We're not going back. And so what we think is the opposite, we're going back to the original fundamentals. What really matters? The basic tenants of an investment discipline that's based on money having a cost discounted present value, expense control, capital discipline, balance sheet strength, durability. These are the pillars of our investment discipline. And we think in a sense, the world is coming our way. There is going to be a lot of disruption and dislocation in this period. You better be prepared. You better be able to adapt. So we're not blowing the all clear of smooth sailing and one way markets, but we think exactly the characteristics that we look for are just now coming back into favor. They really have been the bedrocks of a philosophy that's played out over five or six decades, but we were in a period that was so anomalous that people forgot that of course, money has a value.
Of course, time matters. Of course, earnings matter. Of course, discipline matters. And so we feel the world is moving our way. We feel we've got relative ground to makeup, we're moving in the right direction. And in a way, we feel this is a return to normalcy. It's the end of a period of distortion. As we look at this period, this return to normalcy, we can look at two categories. One, what is out of favor and isn't going to come back. And you think about the story stocks, the hypes, the dreams, the capital consumers, the companies that relied on free leverage, that's gone. Well, where do you want to be positioned on the other side? And this is where we've built our portfolio with a few major themes. And the most important one is around durability. And the durability can be about how the company itself is structured, but also about the business model.
We want companies that can go through a recession, can go through a downturn. Second, we want resilient growth. We want companies that are going to be worth more 5, 10, 15, 20 years from now. So we want resilient growth and we want durability. So let's look at some categories of how that shapes out. Well, I'm going to start with the most controversial one, which is banking, right? Because people think, oh, we went through a financial crisis. We just had First Republic and Silicon Valley Bank, how can you be in banks? And the answer is because banking is a durable business model, and the banks we own have the least risk that we have seen in our entire career investing in banks, they have the highest capital ratios, they have the lowest credit risk. The banks that we own have taken low interest rate risk. They have enormous resiliency, enormous durability.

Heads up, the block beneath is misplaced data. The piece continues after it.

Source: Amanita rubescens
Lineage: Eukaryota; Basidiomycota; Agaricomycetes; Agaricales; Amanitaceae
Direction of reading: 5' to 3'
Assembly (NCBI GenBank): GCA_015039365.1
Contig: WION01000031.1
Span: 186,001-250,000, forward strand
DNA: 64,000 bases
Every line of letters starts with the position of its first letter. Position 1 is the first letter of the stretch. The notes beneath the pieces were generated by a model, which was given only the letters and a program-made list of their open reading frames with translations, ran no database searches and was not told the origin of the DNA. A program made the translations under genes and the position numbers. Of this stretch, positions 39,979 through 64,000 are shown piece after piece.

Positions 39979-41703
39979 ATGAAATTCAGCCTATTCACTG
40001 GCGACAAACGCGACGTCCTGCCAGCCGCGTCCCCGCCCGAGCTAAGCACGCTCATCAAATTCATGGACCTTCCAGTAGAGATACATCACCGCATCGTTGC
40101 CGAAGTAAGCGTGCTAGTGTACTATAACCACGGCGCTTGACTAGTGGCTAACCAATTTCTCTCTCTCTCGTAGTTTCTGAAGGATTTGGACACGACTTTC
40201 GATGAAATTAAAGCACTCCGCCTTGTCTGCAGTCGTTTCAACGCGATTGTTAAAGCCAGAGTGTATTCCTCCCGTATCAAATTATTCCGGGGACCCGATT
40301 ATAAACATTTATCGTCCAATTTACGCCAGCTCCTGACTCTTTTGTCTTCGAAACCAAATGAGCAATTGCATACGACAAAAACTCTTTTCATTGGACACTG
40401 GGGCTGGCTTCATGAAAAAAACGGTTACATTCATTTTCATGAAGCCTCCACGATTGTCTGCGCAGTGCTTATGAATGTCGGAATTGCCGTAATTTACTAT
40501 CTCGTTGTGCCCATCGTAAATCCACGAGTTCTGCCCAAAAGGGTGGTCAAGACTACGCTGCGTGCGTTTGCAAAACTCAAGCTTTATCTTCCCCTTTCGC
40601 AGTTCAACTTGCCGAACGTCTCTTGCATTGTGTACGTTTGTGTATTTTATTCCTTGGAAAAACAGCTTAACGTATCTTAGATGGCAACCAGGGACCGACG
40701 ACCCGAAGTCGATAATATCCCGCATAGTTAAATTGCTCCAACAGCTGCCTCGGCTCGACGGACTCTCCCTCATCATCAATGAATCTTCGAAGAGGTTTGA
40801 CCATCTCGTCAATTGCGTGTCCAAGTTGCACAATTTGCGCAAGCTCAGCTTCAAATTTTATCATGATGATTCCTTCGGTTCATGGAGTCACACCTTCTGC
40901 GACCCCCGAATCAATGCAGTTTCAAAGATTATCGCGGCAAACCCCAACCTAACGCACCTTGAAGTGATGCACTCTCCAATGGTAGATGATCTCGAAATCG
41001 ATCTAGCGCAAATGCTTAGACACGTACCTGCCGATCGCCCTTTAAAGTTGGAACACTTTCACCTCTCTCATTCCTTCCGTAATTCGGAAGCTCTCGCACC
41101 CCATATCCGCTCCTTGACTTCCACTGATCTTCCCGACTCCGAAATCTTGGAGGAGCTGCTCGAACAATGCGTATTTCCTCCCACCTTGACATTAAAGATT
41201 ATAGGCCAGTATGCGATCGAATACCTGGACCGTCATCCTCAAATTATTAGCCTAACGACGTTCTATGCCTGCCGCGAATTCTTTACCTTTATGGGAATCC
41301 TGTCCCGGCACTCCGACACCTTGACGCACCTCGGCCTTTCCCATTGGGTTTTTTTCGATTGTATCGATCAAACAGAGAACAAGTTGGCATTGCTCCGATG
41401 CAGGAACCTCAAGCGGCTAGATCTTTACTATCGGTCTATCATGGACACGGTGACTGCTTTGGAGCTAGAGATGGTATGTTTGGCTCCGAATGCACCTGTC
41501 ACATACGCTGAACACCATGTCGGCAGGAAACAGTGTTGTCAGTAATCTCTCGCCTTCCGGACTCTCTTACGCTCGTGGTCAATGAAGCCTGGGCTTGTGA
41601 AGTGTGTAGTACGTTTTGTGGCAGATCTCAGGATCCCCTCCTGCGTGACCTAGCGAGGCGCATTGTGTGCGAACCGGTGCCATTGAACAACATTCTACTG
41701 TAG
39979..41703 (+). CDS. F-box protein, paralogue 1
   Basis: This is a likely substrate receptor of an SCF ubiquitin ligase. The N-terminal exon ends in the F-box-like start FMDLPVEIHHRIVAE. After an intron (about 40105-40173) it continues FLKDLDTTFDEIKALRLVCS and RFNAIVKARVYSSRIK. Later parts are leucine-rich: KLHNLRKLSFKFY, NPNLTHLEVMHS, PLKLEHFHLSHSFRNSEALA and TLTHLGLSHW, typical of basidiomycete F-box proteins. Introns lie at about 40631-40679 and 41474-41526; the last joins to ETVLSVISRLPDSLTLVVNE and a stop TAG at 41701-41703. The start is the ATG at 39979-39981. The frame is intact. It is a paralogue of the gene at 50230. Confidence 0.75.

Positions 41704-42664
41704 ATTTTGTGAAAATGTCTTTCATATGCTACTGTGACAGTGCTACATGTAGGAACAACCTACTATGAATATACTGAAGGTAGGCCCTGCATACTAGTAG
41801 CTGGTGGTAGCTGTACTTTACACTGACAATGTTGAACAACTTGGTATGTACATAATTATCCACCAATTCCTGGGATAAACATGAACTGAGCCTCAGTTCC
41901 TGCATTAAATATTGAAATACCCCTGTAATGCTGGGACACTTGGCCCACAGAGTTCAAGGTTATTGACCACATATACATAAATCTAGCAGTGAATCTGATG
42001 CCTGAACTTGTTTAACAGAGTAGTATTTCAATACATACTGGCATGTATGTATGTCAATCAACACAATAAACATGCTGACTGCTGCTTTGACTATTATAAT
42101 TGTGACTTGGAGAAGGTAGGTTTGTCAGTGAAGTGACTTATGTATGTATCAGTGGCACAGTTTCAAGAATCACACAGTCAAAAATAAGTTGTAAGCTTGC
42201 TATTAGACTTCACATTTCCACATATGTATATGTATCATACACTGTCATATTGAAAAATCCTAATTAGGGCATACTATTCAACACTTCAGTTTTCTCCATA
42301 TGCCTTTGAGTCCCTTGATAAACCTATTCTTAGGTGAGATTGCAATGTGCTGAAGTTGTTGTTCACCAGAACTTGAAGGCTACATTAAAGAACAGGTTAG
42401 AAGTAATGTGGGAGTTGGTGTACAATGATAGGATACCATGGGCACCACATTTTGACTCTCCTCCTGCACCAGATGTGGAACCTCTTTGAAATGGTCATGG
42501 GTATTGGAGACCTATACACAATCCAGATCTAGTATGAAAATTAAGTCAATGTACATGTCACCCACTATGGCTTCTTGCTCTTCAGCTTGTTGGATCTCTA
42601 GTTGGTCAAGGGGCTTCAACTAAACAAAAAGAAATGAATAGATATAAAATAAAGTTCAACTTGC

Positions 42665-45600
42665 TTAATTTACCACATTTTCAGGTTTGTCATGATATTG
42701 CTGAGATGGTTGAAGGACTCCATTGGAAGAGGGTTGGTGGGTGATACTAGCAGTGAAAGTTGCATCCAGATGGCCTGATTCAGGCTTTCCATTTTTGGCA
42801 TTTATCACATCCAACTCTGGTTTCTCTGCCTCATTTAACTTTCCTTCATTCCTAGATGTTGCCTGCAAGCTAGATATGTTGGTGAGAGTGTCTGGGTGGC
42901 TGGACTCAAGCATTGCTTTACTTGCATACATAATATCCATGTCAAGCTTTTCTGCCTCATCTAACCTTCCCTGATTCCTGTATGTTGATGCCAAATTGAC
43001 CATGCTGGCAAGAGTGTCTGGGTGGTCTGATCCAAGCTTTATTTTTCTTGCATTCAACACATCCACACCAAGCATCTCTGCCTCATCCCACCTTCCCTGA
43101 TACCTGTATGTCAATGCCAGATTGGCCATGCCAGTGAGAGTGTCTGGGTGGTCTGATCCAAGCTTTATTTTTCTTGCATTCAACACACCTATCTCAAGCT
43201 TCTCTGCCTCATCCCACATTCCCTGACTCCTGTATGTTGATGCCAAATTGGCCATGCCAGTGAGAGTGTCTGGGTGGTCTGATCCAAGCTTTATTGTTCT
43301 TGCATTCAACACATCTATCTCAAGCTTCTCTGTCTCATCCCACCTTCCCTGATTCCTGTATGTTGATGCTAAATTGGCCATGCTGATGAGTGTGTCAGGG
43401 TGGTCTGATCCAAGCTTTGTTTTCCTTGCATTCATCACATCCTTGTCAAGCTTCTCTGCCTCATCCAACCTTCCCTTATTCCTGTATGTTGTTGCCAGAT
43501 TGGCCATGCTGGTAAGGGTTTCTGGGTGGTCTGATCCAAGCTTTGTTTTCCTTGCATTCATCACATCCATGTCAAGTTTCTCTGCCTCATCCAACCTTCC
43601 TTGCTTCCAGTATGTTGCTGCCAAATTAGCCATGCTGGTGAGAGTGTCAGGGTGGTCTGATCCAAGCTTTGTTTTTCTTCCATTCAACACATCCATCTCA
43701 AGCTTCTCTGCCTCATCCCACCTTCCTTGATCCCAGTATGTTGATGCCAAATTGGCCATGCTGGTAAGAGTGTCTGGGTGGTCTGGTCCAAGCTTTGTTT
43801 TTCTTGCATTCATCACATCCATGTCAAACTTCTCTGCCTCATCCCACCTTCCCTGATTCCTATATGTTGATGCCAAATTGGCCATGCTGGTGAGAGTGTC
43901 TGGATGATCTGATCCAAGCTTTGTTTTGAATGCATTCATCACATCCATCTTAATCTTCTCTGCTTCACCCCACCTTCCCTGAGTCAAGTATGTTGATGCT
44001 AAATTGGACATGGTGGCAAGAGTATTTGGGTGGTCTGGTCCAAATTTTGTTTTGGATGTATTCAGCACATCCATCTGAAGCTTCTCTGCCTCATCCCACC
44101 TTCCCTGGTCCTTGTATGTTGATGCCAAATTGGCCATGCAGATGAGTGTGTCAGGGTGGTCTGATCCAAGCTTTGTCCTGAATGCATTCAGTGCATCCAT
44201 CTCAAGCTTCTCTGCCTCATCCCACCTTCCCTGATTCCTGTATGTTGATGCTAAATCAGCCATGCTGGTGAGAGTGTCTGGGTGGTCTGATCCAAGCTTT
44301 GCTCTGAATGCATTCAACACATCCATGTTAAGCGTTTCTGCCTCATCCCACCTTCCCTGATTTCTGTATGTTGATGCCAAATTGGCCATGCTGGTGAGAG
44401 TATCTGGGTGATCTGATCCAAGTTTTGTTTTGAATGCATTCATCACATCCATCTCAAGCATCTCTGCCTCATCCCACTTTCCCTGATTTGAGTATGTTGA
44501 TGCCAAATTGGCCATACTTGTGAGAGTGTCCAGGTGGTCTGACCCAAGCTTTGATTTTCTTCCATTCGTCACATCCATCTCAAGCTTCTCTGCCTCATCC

FinTech has sort of imploded, so they have a great competitive position. We think the re-regulation is at the end of that period, and yet they're at the biggest discount that they've ever traded at relative to the market averages. So think of banking as one big theme where the perception is different than the reality. Well, the second theme that we love is what we call durable resilient growth. And so these are companies that aren't the high-flying rocket ships that are flaring out where all of the value was in the far distant future. These are companies that generate enormous cash, have enormous value to their customers, and are very difficult to obsolete. So certainly think about companies like Google, think about companies like Meta and Amazon, but also what we think of as the picks and shovels company of this enormous technology revolution. Whether it's AI, there are all these AI hype stocks, but all of those devices that will run these technologies, run on Silicon.
And that Silicon is made by companies like Applied Materials, the central holding of ours in semiconductor capital equipment. Third, we think about this inevitable inexorable increase in healthcare spending, healthcare inflation. And so people look at, ah, well, hot new drugs, ozempic, new biotech waves. All of those things are powerful waves, but they are very unpredictable. They're very expensive. We like companies that operate in the system in a durable way, that are part of a solution rather than a problem.
Think about the lab testing companies like Quest, and also think about the health insurers that are providing value to their customers by helping manage their cost inflation. The final theme that I'm going to touch on is just to recognize that it's a big world out there and that we have been in a period where the US has been so dominant in terms of our market performance versus the rest of the world. We want it reserve in our mind the opportunity to own companies that are as good or better that are global. But because they happen to be listed outside of the US, they trade traded a big discount. So we're going to keep a space in our portfolio for best in breed companies that happen to be headquartered somewhere else.